Affirmed.

 

IMPAIRMENT RATING EVALUATIONS

Kenneth Elliott v. City of Pittsburgh (WCAB)
Commonwealth Court of Pennsylvania – Unreported Memorandum Opinion
Decided: November 6, 2023

Issues:

Whether Act 111 violates the due process and due course of law protections of the Pennsylvania Constitution and the “reasonable compensation” requirements of article III, section 18 of the Pennsylvania Constitution?

Background:

In 2003, Claimant sustained a back injury in the course and scope of his employment with Employer. In December 2012, he underwent an IRE provided for in former Section 306(a.2) of the Pennsylvania Workers’ Compensation Act (Act), which resulted in an impairment rating of less than 50%. Employer then filed a modification petition, and in a March 2014 decision and order, a WCJ modified Claimant’s disability status from total to partial as of the December 2012 IRE date.  In April 2021, Claimant filed a reinstatement petition seeking a return to total disability status based on the Pennsylvania Supreme Court’s decision in Protz.  The WCJ ordered the reinstatement to be effective as of the date of Claimant’s reinstatement petition.  Claimant appealed to the Board, arguing that his reinstatement should have been effective as of the 2012 modification date. The Board affirmed the WCJ’s decision.  After the April 2021 reinstatement of Claimant’s TTD benefit status, Employer filed a modification petition based on a second IRE on September 8, 2021, which returned an impairment rating of 8%.   The WCJ granted Employer’s modification petition.  The Board affirmed.  The effect of these decisions was that Employer no longer pays Claimant any benefits, as his 500 weeks of TPD have expired.

Holding:

Claimant failed to show that Act 111’s provisions allowing employers to credit previously paid benefits weeks violate either due process or due course of law principles. Claimant has also failed to show that by reenacting the IRE process, Act 111 violates article III, section 18 of the Pennsylvania Constitution, relating to reasonable compensation.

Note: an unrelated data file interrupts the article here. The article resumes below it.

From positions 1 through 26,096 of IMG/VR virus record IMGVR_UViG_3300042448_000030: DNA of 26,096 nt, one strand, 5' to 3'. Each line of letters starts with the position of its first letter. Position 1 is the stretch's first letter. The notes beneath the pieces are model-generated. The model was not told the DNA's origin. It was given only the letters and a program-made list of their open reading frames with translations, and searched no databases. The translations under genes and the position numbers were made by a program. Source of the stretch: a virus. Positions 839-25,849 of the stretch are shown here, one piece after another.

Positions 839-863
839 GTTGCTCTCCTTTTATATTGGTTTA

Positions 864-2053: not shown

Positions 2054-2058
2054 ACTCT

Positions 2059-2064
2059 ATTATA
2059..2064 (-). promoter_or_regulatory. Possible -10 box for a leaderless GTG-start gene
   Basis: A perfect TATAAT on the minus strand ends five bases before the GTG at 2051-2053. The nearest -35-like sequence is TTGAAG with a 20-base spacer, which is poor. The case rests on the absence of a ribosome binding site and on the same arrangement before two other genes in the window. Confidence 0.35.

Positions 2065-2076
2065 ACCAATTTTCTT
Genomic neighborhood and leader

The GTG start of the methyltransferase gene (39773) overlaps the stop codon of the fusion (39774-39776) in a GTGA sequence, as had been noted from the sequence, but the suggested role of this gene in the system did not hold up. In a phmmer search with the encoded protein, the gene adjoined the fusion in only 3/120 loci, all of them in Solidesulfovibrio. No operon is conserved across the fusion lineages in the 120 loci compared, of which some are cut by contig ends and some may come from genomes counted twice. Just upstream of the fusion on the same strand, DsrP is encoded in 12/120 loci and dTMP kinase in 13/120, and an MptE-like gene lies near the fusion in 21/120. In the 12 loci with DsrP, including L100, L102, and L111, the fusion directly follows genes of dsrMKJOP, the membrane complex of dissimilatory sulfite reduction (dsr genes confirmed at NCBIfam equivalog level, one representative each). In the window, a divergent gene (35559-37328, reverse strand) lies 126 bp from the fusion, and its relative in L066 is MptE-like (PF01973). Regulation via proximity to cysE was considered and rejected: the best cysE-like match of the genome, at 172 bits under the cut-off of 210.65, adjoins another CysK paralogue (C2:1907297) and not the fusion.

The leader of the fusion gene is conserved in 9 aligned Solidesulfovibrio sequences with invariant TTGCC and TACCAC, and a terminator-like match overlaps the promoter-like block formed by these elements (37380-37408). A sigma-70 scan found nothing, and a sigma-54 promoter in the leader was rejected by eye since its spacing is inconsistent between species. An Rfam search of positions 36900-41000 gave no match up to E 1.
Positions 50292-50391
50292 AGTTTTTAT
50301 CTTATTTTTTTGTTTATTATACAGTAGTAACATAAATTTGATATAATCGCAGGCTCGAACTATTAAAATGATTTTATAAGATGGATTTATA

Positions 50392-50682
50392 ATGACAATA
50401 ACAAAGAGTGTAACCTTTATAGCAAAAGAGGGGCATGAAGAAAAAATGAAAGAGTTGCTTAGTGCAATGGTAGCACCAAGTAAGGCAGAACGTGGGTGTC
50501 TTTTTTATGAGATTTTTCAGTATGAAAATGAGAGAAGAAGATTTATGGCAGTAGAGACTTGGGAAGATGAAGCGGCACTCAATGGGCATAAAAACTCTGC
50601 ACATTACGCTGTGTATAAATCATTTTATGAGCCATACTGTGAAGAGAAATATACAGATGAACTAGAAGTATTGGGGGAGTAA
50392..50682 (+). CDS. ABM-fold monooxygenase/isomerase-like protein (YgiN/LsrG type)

Affirmed.

 

Richard J. Dennell v. City of Philadelphia (WCAB)
Commonwealth Court of Pennsylvania – Unpublished Memorandum Opinion
Decided: November 17, 2023

Issue:

Whether Act 111 is unconstitutional?

Background:

In 2010, Claimant sustained injuries while tackling a suspect in the course of his employment as a police officer with the City of Philadelphia.  Employer issued a Notice of Compensation Payable acknowledging Claimant’s work injury as strains and contusions of the low back and left leg. The NCP recited that Employer had begun paying salary continuation benefits under the Heart and Lung Act in lieu of workers’ compensation. Benefits were suspended as of the date of injury.  On July 20, 2018, Employer issued another NCP stating that disability payments resumed on July 22, 2018.  On November 18, 2021, an IRE was conducted and concluded that Claimant had a whole-person impairment rating of four percent (4%) based on the American Medical Association’s Impairment Guides (AMA Guides), Sixth Edition (second printing April 2009). Based on this determination, Employer filed a modification petition. After a hearing, the WCJ modified Claimant’s workers’ compensation disability benefits, from total to partial, as of the date of the IRE.  The Board affirmed the WCJ’s decision.

Holding:

Claimant’s constitutional arguments have been considered and rejected by this Court.  Act 111 is not an unconstitutional delegation of legislative authority.   The court rejected Claimant’s premise of vested rights.  A claimant has no vested right to workers’ compensation benefits by reason of Section 413(a) of the Act.  Also, Act 111 does not violate the separation of powers required by the Pennsylvania Constitution.

Affirmed.

 

TERMINATION PETITION – DECONDITIONING

James F. Buckley v. Suburban Propane Partners (WCAB)
Commonwealth Court of Pennsylvania – Unpublished Memorandum Opinion
Decided: November 1, 2023

Issues:

Whether the Board erred in affirming the WCJ, as Employer failed to establish that any work restrictions Claimant required upon returning to work were not causally related to his work injury?

Background